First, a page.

In addition, the U.S. military is looking to operate these forces in new ways, generally characterized as distributed operations, with small formations spread out over large swaths of space, moving continuously to enhance survivability and strain adversary targeting. For example, the Marine Corps’ new operating concept envisions smaller formations capable of fighting at a moment’s notice and surviving inside the threat ranges of adversaries’ long-range precision strike weapons through a combination of reduced signatures, mobility, and relative freedom from a visible logistics tail.3 For several years, the U.S. Air Force has been experimenting with its Agile Combat Employment concept, in which units avoid large, developed facilities and move among dispersed, austere bases with limited logistics and maintenance support to complicate an adversary’s ability to detect and target them.4
These distributed forces will not be able to carry large amounts of supplies, reloads for their missile systems, or fuel. They also want to free themselves from dependence on large, fixed installations, whether for operations or logistics support. But this means that U.S. forces will be even more reliant than they currently are on just-in-time resupply. While some of this responsibility can be met by airlift assets, there will be an increased requirement for strategic sealift if DoD is to sustain a force posture consisting of more widely distributed and frequently maneuvering forces, particularly in the vast Indo-Pacific theater.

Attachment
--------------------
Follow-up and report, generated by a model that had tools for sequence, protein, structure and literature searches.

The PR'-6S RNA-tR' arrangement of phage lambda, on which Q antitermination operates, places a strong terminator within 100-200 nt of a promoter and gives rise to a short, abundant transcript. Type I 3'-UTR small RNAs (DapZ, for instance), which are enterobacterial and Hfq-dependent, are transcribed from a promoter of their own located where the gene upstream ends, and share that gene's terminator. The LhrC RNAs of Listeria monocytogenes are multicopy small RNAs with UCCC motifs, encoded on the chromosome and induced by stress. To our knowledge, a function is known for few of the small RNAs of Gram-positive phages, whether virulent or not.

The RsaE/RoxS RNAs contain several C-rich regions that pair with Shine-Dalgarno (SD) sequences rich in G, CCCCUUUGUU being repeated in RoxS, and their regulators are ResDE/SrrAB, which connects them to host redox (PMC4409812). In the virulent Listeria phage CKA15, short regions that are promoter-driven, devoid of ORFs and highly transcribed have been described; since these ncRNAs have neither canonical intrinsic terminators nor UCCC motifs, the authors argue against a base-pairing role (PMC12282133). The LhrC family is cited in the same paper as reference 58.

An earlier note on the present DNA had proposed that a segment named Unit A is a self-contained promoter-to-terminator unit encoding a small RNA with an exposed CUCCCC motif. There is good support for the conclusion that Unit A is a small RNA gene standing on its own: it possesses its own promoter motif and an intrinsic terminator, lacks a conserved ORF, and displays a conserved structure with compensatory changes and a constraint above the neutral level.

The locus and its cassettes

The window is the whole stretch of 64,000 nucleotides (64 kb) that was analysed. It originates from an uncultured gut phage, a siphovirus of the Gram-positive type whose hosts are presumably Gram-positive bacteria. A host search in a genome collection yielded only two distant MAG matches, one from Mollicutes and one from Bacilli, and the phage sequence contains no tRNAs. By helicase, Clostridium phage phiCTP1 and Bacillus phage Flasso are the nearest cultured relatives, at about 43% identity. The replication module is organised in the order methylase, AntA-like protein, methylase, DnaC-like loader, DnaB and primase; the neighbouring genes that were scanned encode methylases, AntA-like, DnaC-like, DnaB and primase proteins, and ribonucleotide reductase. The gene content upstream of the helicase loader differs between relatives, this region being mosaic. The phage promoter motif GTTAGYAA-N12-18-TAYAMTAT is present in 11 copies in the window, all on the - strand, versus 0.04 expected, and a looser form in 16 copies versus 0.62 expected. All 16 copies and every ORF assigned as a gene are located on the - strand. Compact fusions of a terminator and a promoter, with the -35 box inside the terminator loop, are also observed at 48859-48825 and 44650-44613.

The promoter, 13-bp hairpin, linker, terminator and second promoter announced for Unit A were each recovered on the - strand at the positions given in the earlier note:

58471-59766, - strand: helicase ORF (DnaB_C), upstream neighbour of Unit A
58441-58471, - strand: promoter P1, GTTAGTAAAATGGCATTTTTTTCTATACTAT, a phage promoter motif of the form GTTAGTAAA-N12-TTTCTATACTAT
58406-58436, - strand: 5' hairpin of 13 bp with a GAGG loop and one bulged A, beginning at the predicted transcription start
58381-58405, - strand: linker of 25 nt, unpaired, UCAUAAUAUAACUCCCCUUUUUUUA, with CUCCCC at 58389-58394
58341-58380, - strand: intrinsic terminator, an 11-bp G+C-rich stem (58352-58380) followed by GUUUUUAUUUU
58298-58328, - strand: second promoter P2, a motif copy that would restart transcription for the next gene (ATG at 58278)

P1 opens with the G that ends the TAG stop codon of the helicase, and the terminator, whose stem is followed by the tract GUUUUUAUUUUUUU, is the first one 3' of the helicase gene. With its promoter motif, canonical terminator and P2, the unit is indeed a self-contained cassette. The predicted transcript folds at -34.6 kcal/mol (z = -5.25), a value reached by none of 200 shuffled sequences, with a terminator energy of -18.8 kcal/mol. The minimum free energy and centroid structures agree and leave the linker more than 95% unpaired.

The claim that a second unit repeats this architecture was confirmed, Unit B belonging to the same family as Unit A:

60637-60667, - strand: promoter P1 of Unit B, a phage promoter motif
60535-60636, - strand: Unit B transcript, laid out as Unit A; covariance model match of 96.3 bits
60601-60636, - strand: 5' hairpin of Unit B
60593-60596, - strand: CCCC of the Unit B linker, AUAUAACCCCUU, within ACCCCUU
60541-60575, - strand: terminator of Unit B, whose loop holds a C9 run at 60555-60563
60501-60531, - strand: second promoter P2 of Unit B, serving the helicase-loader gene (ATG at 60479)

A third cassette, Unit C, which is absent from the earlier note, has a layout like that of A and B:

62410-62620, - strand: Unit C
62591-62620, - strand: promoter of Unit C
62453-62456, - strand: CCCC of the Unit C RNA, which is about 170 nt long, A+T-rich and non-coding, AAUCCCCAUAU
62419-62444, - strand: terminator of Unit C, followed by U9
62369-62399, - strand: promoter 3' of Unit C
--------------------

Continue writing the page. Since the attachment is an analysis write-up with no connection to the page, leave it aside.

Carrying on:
This is a particularly worrisome situation because of the precarious state of the U.S. strategic sealift fleet. In peacetime, the movement of some supplies can be done by contracting with commercial shipping, but in the event of conflict, the willingness of commercial shippers—virtually all foreign-flagged—to enter a conflict zone is doubtful.
The ability of the U.S. military to reach a large-scale fight and sustain itself once deployed is dependent on a little over 100 ships: 46 in the Ready Reserve Force (RRF) operated by the Maritime Administration (MARAD), 15 ships for surge operated by the Military Sealift Command (MSC) and some 60 U.S.-flagged commercial ships that are part of the Maritime Security Program (MSP), which provides a retainer incentive to the ships’ owners to ensure that these vessels are available to DoD if needed.5